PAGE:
Back to ‘bad (Ahmedabad)

My journey on to the next destination began with an early morning flight back to Mumbai: alone, since my companions were taking the car back to Pune seperately. Here, I was expecting to have to find my way back to Sunil’s empty city flat, let myself in, sort out my luggage, lock up and make my way to the railway station for a night train to Ahmedabad. My rail ticket was still “wait list” and Mumbai is a huge city which I know not at all, so to say I was a little nervous about the undertaking would be an understatement. Of course, this is India and things just don’t work that way. Neighbours were already waiting with a luggage boy to carry my suitcase up the three flights of stairs and ensure that I could manage the locks. And would I care for some chai and maybe a spot of lunch later?

Nandu is a former colleague from Sunil’s Air India days so he seemed to relish getting to work on checking the travel arrangements for me. We also chatted about the resigned attitude that Indians seem to have to corruption and how we both found ourselves busier than ever after retirement. Later when his wife, Jyoti, got home from her kindergarden teaching job he insisted on “offering moral support” while she prepared the obligatory picnic without which no Indian train journey is complete. I was able to leave much of my luggage behind and pack lightly for the next phase so I fitted neatly into an auto-rickshaw for my trip to Mumbai’s Bandra station. The traffic was indescribable so a good auto driver who could negotiate the back-doubles was invaluable but, even on arrival at the station, my worries weren’t over. The Indian rail ticketing system is very efficient if you understand how it works but most of us really need someone to explain it.

Now: last September I paid a many times over the odds for an agent in the UK to obtain my tickets through an agent in India, which was frustrating but necessary under the circumstances. The alternative being to arrive in India without arrangements and find myself at the mercy of the stay-at-homes. This time the Wimbledon I.T. boy, Amit, assured me he could manage the reservations for me but, as it turned out, an apoplexy-inducing series of delays and misunderstandings meant that I ended up wishing I’d just paid the extra money for peace of mind. When I finally found the “Second A/C” carriages (and those trains are probably half a kilometre long) and saw my name on a print-out attached to one of the doors I was so relieved I had to take a quick photo. Crazy foreigner!

Next came the usual swapping arrangements. There is always a grandmother or mother-n-baby combo who need my lower berth and I’m always happy to oblige in order to attach myself to a family for safety’s sake. I have not a word of Hindi, after all. And I slept well, knowing that my stop was at the end of the line and that I would be met by a representative of the hotel-near-the-station. He was indeed waiting for me, although it took a couple of calls for us to meet up outside the splendid old locomotive which has come to rest outside the ticket hall. Of course I snapped it for my grandson Ted.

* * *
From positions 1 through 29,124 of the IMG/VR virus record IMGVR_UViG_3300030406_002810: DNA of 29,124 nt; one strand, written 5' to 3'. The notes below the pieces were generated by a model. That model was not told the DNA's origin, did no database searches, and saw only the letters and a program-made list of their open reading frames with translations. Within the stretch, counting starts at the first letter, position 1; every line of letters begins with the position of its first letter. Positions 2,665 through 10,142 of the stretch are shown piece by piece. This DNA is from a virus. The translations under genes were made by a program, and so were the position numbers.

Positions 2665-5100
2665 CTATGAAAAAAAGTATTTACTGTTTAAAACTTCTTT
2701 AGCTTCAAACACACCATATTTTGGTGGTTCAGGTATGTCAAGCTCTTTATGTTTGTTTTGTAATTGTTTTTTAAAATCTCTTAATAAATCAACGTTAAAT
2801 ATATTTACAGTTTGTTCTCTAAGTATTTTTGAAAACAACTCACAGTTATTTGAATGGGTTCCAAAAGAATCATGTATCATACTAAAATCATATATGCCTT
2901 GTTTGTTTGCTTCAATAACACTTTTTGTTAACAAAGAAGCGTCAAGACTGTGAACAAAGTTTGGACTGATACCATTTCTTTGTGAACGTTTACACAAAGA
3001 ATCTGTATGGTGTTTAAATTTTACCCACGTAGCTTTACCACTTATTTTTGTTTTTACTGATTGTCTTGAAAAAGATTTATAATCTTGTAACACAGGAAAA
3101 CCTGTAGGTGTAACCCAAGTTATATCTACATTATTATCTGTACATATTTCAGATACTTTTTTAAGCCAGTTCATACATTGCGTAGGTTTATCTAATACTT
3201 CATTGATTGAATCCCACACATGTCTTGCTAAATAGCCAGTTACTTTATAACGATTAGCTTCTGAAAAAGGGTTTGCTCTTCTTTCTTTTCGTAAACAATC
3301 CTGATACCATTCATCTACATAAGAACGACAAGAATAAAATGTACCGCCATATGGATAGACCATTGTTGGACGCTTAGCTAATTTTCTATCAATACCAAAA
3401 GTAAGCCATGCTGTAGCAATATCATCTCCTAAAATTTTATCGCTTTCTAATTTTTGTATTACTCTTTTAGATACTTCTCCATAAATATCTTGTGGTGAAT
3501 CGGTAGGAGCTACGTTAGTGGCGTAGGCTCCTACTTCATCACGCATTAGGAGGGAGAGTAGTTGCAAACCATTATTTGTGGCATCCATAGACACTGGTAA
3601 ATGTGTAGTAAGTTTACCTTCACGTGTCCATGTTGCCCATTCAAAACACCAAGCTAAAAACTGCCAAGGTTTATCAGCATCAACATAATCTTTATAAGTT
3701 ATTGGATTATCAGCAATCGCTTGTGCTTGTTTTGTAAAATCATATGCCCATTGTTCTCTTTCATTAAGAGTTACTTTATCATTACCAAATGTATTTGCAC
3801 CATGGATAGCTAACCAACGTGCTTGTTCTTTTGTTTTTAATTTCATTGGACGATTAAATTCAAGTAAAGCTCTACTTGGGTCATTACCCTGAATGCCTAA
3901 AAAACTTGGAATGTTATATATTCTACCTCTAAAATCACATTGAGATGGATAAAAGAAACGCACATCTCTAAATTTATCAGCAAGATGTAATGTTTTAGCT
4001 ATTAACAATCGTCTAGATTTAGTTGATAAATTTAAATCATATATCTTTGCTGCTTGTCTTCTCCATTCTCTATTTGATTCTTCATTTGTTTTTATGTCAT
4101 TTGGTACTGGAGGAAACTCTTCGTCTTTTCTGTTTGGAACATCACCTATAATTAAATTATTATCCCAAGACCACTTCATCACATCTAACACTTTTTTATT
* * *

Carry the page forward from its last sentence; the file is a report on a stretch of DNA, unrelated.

Mr Kazi of the Ahmedabad Ritz Hotel, for that really is his name (titter ye not, Beatrice) went to a great deal of trouble to prepare a complicated itinerary for the next nine days. It is an unusual combination of dental work, sightseeing trips and visiting the relatives. I also found myself very comfortably settled in his establishment which is slightly more up-market than I’d budgeted for but where the incidentals are surprisingly inexpensive and the service is second to none. Bearing in mind the fact that Dr Bhalla started work straight away and left me to my own devices when it came to getting a prescription filled, finding myself somewhere where the doorman will nip out to find the necessary meds while room service make up a comforting sweet lhasi (yoghurt drink) to help them down is of incalculable assistance.

The sightseeing is yet to come and the relatives, well Kundan’s relatives, have written themselves out of the picture by not taking any calls and bolting the door. It’s a long story and has nothing to do with any of the remarks that I made in earlier posts on my blog – there’s no way that they ever bothered to read them. It was highly embarrassing to turn up and find the door locked and no message left and you can be sure that I did check for messages with the neighbours on both sides. Someone else is going to be embarrassed when they get back: “no, thank you, I’d love a cup of tea but I’ve just come from the dentist (clutches cheek in show of pain) and I’m not allowed hot drinks, perhaps if you would be kind enough to just give them a note”. Everybody in the block must know by now.

I’m so sorry that this difficult situation has arisen: in India male relatives still frequently believe that a widow’s possessions should be theirs to dispose of as they see fit and it is beginning to look as if brother and nephew are trying to help themselves to the flat. I was due to pick up a couple of things (including some of my own spare hot-weather clothes) and pass on a message but I really can’t see what I else can do. I can offer Kundan more support back at home and in the meantime, well, I’m off to see the textile producing region of Kutch next so I’ll just have to do a bit of shopping.


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